Responses from LBM dealers and specialty distributors

“We’ve experienced products being on allocation before, but nothing like this—serious shortages of materials in multiple categories. Our sales staff now has to not only sell items that we have, but also sell material that we don’t have. Convincing customers to pre-order and wait for extended delivery times is an art in itself. I know of other dealers who are frustrated, and they feel that the manufacturers fell down on this one and folded supply tents too early. Now that we’re in this situation, how are we supposed to navigate this with our customers, since no one seems to know when it’s going to end?”

“Order material needs as best you can. You cannot run your business from an empty wagon. Bite the bullet on price, but get your sell prices changed to reflect current replacement costs and keep them updated. Everyone is in the same situation. Make sure your customers are aware of what’s going on and order your special orders well in advance.”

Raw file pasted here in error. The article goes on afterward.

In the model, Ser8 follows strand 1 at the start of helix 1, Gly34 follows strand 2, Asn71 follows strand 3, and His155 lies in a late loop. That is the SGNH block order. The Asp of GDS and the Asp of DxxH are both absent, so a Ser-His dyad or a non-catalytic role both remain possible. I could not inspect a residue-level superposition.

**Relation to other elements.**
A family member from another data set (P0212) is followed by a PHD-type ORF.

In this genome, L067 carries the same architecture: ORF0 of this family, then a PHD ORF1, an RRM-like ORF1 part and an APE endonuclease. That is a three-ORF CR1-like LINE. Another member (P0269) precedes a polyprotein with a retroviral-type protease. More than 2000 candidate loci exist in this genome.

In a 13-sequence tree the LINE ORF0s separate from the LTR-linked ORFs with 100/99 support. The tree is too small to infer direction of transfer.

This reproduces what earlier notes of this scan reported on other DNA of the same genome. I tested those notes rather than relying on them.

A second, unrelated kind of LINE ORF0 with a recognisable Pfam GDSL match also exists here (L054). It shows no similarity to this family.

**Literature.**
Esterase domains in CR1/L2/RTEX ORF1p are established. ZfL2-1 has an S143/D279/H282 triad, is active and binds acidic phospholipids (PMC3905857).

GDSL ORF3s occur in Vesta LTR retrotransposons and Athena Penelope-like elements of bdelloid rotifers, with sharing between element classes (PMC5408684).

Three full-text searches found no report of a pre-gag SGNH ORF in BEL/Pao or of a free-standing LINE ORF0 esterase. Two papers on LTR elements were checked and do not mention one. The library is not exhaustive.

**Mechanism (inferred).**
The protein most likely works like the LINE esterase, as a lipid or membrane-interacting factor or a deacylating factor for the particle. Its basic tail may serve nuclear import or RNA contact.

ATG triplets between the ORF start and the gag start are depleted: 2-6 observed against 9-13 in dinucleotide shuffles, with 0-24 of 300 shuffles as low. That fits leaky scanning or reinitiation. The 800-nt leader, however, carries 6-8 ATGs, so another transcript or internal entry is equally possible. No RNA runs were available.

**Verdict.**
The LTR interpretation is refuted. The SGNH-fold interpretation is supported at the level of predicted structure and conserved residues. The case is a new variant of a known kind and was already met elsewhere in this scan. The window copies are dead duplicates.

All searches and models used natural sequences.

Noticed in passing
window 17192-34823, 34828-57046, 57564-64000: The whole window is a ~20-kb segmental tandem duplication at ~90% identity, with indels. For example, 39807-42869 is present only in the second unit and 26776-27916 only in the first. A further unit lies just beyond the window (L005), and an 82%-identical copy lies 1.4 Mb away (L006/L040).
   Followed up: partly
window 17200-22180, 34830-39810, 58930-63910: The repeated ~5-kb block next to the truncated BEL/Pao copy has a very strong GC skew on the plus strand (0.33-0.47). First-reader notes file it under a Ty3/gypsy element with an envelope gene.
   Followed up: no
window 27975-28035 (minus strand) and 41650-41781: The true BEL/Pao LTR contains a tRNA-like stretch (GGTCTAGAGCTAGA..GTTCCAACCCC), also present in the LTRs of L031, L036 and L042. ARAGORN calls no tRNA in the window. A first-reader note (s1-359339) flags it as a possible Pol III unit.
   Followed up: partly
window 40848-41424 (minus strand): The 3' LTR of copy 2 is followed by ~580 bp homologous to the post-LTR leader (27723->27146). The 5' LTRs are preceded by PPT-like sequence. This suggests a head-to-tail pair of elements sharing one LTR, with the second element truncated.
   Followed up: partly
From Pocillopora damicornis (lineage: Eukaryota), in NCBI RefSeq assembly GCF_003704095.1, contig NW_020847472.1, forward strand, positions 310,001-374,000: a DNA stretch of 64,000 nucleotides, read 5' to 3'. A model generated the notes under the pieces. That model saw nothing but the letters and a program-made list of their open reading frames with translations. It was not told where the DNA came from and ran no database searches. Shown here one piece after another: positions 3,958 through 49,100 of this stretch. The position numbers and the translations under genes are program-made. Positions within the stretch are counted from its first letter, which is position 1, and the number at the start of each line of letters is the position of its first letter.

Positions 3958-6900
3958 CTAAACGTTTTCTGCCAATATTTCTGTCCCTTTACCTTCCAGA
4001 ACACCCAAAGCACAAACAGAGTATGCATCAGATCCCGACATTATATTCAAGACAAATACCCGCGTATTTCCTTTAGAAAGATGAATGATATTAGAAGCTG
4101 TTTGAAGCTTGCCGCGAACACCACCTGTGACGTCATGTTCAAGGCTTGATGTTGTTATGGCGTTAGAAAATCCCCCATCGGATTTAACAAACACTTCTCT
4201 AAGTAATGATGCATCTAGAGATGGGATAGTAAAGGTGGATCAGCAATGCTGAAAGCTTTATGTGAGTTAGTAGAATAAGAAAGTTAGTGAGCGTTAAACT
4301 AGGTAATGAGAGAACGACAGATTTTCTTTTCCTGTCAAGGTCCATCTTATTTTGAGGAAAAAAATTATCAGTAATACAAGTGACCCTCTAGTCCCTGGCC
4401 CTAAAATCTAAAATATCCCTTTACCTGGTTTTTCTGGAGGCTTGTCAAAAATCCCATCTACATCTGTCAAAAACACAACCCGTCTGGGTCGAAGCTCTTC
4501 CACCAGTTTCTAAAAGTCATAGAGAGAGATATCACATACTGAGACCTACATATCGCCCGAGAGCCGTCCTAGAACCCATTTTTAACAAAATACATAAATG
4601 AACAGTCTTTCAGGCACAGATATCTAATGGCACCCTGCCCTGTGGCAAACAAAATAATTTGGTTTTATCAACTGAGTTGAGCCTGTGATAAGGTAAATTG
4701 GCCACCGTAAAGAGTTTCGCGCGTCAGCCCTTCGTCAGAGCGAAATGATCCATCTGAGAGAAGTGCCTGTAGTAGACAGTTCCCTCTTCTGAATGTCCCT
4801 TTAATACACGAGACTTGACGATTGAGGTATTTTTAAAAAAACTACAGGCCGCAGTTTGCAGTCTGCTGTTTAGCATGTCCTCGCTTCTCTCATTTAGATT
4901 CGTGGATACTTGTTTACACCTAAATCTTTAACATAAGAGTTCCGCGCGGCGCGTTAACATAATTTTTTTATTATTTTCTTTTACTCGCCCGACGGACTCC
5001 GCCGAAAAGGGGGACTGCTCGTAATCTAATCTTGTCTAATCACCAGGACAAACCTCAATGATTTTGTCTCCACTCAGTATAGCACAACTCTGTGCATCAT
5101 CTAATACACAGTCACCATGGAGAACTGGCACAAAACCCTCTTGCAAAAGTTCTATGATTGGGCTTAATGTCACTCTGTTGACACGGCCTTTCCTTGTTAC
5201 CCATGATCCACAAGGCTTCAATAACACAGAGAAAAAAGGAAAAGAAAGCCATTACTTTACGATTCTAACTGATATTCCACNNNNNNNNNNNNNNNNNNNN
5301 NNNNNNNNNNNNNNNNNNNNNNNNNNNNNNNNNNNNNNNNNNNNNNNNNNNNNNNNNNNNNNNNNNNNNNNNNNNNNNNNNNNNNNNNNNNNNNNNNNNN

“I keep reminding my customers of the long lead times.”

“We have been more proactive about purchasing. I am relying on product history and trying to buy what I can even if it is 3-4 weeks out. I think we may have to substitute plywood for OSB at some point. Most of our problems are with commodity items. We are also being careful not to be left with too much expensive inventory when this does correct itself.”

“We are using alternatives like Brazilian CD, no name decking from people trying to break into a market controlled by a few, and alternative species in framing. In treated, we’re selling 2×10 or 2×12 instead of the requested 2×8, more money but the job gets done.”

“I try to be up front and honest with everyone. Most get it, some think it’s a sham.”